In our fast-paced world, maintaining a healthy and balanced diet with ingredients you recognize can feel like a monumental challenge. Even health and wellness professionals struggle to navigate supermarket aisles filled with products featuring new and functional ingredients. One enhanced ingredient commonly found in plant-based protein bars, cereals, and veggie burgers is soy protein isolate. But what is soy protein isolate and should you eat it?
What is Soy Protein Isolate?
Soy is derived from soybeans and contains fat and carbohydrates (mostly made up of fiber, naturally occurring sugar, and protein). Soy protein isolate (SPI) is a protein that has been isolated from soybeans via chemical engineering.
So how does the marvel of modern science achieve this? First, soybeans are washed with acid and neutralized in an alkaline (or, basic) solution. At the end of the SPI process, you’re left with a dry powder that’s about 85-90% protein and nearly carbohydrate and fat-free. This SPI powder is then included in protein powders, bars, and even plant-based burgers.
Sounds great, right—a protein powerhouse with a great nutritional value per serving? Or too good to be true? That entire chemical process used to create SPI also strips the soy protein of fiber, zinc, calcium, magnesium, and iron that you would normally ingest if you ate the whole soybean. And, there’s more…
Does Soy Protein Isolate Contain Unhealthy Additives?
The chemical process required to isolate the protein often leaves behind substances like aluminum and hexane. Those metals, while not harmful in small amounts, can become toxic as they accumulate in your body and should be limited in your diets as much as possible.
Further, after the stripping process, SPI is dried using a spray-drying method that can form nitrites, compounds that have been known to form carcinogens in the body.
So, Should You Eat Soy Protein Isolate?
Most health and wellness professionals will tell you to ditch processed foods, including SPI. Soy Protein Isolate is a highly processed product and has increased levels of trypsin inhibitors—chemicals that reduce available trypsin, an enzyme found in the small intestine that helps aid with the digestion of protein in the body. Therefore, consuming SPI may cause stomach issues, nausea, and intestinal discomfort for some—in addition to the reasons to avoid SPI listed above.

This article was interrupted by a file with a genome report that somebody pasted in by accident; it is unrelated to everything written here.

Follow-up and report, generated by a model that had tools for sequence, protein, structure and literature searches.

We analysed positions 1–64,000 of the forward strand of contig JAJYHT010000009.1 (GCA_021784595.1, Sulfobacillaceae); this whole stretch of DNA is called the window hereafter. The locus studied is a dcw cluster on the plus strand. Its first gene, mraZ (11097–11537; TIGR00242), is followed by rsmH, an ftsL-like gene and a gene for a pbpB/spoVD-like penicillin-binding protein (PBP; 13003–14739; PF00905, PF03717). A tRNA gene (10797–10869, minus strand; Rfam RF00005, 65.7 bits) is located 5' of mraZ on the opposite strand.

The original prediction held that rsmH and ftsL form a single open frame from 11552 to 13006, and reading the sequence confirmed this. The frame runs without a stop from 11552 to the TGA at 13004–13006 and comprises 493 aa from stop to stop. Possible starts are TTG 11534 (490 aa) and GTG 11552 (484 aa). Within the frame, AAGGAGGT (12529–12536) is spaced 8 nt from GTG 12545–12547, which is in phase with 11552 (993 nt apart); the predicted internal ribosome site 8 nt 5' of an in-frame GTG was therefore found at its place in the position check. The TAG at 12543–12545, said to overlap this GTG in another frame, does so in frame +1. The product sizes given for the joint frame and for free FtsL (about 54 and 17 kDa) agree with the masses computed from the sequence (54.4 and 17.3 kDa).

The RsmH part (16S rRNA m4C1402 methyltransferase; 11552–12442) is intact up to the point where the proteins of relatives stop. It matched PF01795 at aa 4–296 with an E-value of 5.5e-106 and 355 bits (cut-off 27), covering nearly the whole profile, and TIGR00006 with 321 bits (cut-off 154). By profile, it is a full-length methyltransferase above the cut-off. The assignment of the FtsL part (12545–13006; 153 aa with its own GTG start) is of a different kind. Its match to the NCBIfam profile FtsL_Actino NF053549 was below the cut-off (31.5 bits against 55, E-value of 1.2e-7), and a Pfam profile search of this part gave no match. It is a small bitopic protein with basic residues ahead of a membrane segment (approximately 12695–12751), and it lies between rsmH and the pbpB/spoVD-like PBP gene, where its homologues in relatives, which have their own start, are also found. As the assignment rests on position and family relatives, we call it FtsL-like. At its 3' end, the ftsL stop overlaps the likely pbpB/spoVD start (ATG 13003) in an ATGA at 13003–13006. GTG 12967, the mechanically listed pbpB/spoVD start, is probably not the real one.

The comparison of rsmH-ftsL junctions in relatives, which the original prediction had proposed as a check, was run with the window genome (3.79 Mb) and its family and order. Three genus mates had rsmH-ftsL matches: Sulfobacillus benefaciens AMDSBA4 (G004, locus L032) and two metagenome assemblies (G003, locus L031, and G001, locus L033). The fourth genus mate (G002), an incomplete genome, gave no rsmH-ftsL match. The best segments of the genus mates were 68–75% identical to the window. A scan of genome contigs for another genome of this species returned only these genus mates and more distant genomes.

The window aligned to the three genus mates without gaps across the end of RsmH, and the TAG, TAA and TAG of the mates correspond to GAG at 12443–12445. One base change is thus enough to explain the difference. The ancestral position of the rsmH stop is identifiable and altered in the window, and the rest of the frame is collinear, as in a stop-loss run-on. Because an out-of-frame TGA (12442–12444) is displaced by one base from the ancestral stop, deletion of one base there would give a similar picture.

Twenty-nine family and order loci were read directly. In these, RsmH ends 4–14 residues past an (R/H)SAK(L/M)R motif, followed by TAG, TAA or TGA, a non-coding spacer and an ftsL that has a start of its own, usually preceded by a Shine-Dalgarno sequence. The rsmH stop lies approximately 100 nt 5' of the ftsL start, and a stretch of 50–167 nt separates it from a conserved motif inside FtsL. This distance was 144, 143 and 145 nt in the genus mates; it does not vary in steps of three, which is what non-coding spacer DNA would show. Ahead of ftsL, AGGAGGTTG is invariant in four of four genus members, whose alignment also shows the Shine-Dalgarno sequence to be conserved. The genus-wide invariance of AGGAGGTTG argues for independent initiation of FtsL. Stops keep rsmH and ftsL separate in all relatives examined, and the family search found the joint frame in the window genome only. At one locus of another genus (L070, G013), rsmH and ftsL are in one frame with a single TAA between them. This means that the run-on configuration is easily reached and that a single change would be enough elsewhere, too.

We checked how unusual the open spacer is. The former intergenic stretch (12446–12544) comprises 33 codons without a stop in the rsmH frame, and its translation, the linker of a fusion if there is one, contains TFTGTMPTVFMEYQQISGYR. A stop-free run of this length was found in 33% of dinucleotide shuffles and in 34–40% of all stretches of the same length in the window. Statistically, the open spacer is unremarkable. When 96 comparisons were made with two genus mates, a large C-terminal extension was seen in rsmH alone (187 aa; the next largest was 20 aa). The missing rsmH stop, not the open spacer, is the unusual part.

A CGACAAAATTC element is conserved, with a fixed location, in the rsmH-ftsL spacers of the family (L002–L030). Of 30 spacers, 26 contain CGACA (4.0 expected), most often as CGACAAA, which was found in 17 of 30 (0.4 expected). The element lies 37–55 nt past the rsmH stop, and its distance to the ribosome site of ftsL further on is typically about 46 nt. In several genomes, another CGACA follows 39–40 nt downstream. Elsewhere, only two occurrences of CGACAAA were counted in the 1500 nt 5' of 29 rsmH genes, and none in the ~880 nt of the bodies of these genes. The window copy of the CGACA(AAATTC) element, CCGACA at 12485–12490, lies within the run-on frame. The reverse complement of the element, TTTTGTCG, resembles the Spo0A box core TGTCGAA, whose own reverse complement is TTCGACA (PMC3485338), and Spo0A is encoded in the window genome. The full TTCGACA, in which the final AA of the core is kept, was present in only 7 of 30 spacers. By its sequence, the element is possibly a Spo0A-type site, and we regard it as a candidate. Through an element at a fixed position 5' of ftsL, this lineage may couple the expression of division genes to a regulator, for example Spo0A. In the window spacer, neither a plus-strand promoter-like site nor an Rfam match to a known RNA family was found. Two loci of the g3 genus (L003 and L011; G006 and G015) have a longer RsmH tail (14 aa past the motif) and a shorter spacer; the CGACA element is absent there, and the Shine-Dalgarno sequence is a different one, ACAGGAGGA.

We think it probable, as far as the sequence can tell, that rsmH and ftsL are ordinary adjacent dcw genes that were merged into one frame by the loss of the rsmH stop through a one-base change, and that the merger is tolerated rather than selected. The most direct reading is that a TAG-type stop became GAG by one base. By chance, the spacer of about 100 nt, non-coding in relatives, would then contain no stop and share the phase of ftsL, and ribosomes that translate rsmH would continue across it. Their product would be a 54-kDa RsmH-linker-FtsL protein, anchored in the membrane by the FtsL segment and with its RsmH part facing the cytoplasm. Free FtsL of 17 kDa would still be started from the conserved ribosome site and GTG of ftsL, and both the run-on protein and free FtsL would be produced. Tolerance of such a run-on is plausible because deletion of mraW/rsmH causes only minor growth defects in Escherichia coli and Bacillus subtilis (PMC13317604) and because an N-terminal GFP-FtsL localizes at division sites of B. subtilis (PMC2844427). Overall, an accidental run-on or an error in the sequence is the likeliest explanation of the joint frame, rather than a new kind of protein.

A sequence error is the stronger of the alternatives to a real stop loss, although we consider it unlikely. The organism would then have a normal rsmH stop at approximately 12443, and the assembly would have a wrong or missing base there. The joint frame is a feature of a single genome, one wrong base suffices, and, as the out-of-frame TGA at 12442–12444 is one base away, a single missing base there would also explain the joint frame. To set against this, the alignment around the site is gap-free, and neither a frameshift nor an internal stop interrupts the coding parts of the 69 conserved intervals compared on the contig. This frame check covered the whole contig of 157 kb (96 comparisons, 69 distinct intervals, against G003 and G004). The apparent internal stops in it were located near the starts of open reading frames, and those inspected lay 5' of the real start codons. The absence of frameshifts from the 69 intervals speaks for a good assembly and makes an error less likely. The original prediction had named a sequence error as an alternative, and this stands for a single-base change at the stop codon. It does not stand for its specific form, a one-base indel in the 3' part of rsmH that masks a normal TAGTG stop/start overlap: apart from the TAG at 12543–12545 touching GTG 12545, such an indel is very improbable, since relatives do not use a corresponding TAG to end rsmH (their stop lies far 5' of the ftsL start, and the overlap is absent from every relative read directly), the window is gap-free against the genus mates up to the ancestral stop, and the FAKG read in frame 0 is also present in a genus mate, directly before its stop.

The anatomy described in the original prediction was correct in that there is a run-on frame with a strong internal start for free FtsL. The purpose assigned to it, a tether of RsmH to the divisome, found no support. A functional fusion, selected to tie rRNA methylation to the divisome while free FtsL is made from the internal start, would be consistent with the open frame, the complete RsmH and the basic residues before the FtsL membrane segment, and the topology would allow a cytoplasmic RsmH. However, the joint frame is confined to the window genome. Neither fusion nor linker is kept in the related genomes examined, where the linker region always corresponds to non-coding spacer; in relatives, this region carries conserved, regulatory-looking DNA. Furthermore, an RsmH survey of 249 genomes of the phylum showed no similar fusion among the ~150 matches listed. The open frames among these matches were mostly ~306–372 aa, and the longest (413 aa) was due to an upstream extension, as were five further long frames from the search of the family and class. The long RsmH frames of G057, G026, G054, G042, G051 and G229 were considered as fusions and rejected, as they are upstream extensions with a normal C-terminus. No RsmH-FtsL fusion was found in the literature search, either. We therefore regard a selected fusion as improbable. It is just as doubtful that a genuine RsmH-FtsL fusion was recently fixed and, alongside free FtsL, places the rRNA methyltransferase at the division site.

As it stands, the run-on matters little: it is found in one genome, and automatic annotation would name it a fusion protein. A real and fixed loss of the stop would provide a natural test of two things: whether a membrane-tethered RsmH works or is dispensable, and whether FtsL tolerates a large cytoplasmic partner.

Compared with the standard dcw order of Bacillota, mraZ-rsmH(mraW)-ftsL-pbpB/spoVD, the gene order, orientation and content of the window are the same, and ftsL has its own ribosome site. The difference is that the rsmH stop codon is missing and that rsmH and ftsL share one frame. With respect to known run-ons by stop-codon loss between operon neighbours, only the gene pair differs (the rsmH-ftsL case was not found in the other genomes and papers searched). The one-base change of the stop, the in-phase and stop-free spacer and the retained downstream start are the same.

Considerations for Vegans and Vegetarians
If you’re looking to up your daily non-animal protein, go to the whole-food source. The key is to diversify your protein sources to maximize nutrient variability in your diet.
There are many healthy high-quality plant-based protein options for your diet. Here’s a few:
These options are also rich in fiber, vitamins, and minerals. If you want to go the soy route, stick to natural sources like edamame and tofu. Fermented soy options, like miso, tempeh, and natto, are even more preferable because they are easier to digest and provide great probiotic benefits that reduce the natural estrogen content in soy foods.
When striving to lead your most nutritious life, go back to the basics—eat whole unprocessed foods. Try to avoid as many things that come in powder form, or from a box, bag, or plastic container as possible. Your body will thank you for it!
The Nutritious Life Editors are a team of healthy lifestyle enthusiasts who not only subscribe to — and live! — the 8 Pillars of a Nutritious Life, but also have access to some of the savviest thought leaders in the health and wellness space — including our founder and resident dietitian, Keri Glassman. From the hottest trends in wellness to the latest medical science, we stay on top of it all in order to deliver the info YOU need to live your most nutritious life.
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